Political Parties, Registration and Electoral Reform

The following is  a letter (written by me) published in the Canberra Times on Monday, 18th June, 2012.  The italicised sentence at the end was removed by the editors.  However, I have included it here for accuracy and the information of readers.

Democrats still here

The article, ”Find 100 members and register your party” (June 9, p5) by Ebony Vitucci, ends somewhat disparagingly with the comment: ”The Australian Democrats were deregistered in the ACT in 2007 for this reason.” However, the Australian Democrats are registered federally and have been since May 1977.

It is true that we did suffer a decline in our ACT Division with the loss of senators meaning they no longer had staff living in Canberra, and therefore fewer members in the division, which ultimately led to our loss of registration with Elections ACT in September 2007.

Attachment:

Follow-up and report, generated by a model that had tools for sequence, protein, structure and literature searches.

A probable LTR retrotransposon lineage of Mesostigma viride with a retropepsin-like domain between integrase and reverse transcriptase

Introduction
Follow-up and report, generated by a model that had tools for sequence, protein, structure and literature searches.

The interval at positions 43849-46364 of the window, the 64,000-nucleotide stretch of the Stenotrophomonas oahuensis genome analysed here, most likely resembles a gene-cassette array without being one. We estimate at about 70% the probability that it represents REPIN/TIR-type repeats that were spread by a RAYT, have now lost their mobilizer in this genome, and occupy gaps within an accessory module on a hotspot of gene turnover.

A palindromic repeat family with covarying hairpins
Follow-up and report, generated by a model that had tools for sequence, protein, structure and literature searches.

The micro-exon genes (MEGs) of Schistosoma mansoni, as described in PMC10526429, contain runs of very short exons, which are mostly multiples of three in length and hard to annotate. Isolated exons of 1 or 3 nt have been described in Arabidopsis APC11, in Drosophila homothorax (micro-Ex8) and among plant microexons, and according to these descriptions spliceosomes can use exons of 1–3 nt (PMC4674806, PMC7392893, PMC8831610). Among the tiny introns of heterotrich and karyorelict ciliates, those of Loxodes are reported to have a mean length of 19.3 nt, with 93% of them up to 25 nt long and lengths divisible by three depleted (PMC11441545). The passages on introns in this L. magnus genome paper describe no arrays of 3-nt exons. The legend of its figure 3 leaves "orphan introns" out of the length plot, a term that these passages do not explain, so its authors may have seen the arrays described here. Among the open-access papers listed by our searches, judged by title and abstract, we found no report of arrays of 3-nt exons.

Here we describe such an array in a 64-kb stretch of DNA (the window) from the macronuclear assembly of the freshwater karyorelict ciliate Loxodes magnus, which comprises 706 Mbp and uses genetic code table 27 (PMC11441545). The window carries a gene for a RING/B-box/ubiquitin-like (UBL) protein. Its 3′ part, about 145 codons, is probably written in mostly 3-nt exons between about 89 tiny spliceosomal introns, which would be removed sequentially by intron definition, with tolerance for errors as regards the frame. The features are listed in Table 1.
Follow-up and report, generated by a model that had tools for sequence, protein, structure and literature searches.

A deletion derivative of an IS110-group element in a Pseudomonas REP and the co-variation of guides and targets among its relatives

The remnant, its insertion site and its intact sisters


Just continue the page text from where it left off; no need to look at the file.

The ACT Electoral Act is problematic and in urgent need of reform as, under Section 99 of the act, the ACT Democrats were prevented from reregistering under their own name, regardless of whether we had signed up 100, 200 or even 500 new members, until after the 2008 ACT election. The problem was compounded by the amendments to Section 115 of the act in 2008 that prevented like-minded candidates from grouping together to secure a column on the ballot paper, as they can federally. This effectively prevents independents from having any chance of being elected in the ACT.

The ACT Democrats did however contest the 2008 ACT election as endorsed ungrouped independents and are again looking to reregister for this year’s ACT election.

(One of our key priorities will be electoral reform, to prevent the system favouring the three big parties, and the ACT Democrats look forward to the challenge.)

Darren Churchill, national president, Australian Democrats, Kaleen

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